News / USA

Farm Bill Key Issue on Presidential Campaign Trail in Iowa

Kane Farabaugh
DAVENPORT, Iowa — Agriculture legislation known as the “Farm Bill”, scheduled to expire at the end of September, is one of the top issues on the presidential campaign trail in the Midwest state of Iowa.  Continued drought conditions, and lack of action by legislators on renewing Farm Bill legislation, could influence voters when they head to the polls in November.
 
A lack of rain and scorching temperatures are taking a toll on eastern Iowa farmer Robb Ewoldt.
 
On his farm outside Davenport, a creek bed usually flowing with water is almost completely dried up.  His grazing pastures are so bare he has to bring in hay and water daily to keep his cows fed.
 
To make matters worse, some of his corn crop has wilted, and Ewoldt is worried that low supply and high prices will impact other parts of his farming operation. “The hog operations are going to be really hurting because they need to feed corn.  The poultry is really going to be in a squeeze because that’s all a chicken will eat is corn.  And a dairy guy has to feed corn to get his cows to produce a lot of corn," he said. 
 
While campaigning in Iowa, President Barack Obama announced the U.S. government would buy up to $170 million worth of pork, chicken, and lamb to help those producers affected by the drought.  Ewoldt views the announcement as a political maneuver.
 
“In the short run it’s going to help us, but to sustain us through what were going to see over the next eight to ten months in these crop prices and our input costs for livestock, it’s not going to do much at all," he said. 
 
Ewoldt says what would help are certain benefits provided by the Farm Bill, such as crop insurance.  He wants the legislation renewed before it expires to help provide a sense of security amid the drought. “We’re tired of the gridlock.  We’re tired of hearing that the Congress, the House and Senate are all locked up, and there’s so much - everybody’s so divided," he said. 
 
“In this part of the country especially, they feel very disconnected from Washington," said Augustana College Political Science Professor Christopher Whitt. He said in Iowa, the drought could determine the November election. “The ways in which the people from the two parties either respond or didn’t respond to the drought, would be a game changer.”
 
Oklahoma Republican Congressman Frank Lucas, Chairman of the House Committee on Agriculture, hopes lawmakers visiting their districts during the recess will see the impact of the drought, and act to pass the Farm Bill.  “I’m counting on farmers and ranchers across the country who are impacted by the drought to remind their members of Congress, that’s what constituents do a wonderful job of, to work with committee to get the job done," he said.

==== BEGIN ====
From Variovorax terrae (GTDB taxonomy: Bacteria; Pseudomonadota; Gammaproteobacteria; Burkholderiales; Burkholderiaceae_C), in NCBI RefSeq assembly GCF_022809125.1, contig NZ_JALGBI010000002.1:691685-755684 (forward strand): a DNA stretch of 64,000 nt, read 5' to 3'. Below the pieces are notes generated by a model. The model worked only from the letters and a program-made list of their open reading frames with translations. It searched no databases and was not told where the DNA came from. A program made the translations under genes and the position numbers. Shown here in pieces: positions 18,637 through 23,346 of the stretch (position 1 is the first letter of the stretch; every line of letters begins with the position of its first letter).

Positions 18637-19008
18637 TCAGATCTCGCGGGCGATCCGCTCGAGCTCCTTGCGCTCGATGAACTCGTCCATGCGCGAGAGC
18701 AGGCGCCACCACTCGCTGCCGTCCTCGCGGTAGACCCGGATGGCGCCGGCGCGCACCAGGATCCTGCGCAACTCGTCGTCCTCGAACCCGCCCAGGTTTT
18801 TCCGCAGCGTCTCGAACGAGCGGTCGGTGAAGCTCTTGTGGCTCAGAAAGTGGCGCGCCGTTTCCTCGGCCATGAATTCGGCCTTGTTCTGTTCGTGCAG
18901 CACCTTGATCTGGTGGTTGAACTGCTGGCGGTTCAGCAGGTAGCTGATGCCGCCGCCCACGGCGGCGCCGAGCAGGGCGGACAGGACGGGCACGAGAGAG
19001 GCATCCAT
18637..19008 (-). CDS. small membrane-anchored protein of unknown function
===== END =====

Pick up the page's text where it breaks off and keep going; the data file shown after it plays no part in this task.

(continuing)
“Hopefully we can get by this bickering and let’s get it done, and let’s do what’s best for the country not what’s best for the parties," said Ewoldt. 
 
In the meantime, what would be best for Ewoldt is more rain, to get the water running through his creek again, and to help the grass grow in his pastures so his cows can eat on their own, without his help.

You May Like

US, Brazil's Climate-Change Plan: More Renewables, Less Deforestation

Officials say joint initiative on climate change will allow Brazil, United States to strengthen and accelerate cooperation on issues ranging from land use to clean energy More

Video Blind Somali Journalist Defies Odds in Mogadishu

Reporting from Somali capital for past decade, Abdifatah Hassan Kalgacal has been working at one of Mogadishu's leading radio stations covering parliament More

After Nearly a Century, Voodoo Opera Rises Again

Opera centers on character named Lolo, a Louisiana plantation worker and Voodoo priestess More

Featured Videos

Your JavaScript is turned off or you have an old version of Adobe's Flash Player. Get the latest Flash player.
Blind Somali Journalist Defies Odds in Mogadishui
X
Abdulaziz Billow
June 30, 2015 2:16 PM
Despite improving security in the last few years, Somalia remains one of the most dangerous countries to be a journalist – even more so for someone who cannot see. Abdulaziz Billow has the story of journalist Abdifatah Hassan Kalgacal, who has been reporting from the Somali capital for the last decade despite being blind.
Video

Video Blind Somali Journalist Defies Odds in Mogadishu

Despite improving security in the last few years, Somalia remains one of the most dangerous countries to be a journalist – even more so for someone who cannot see. Abdulaziz Billow has the story of journalist Abdifatah Hassan Kalgacal, who has been reporting from the Somali capital for the last decade despite being blind.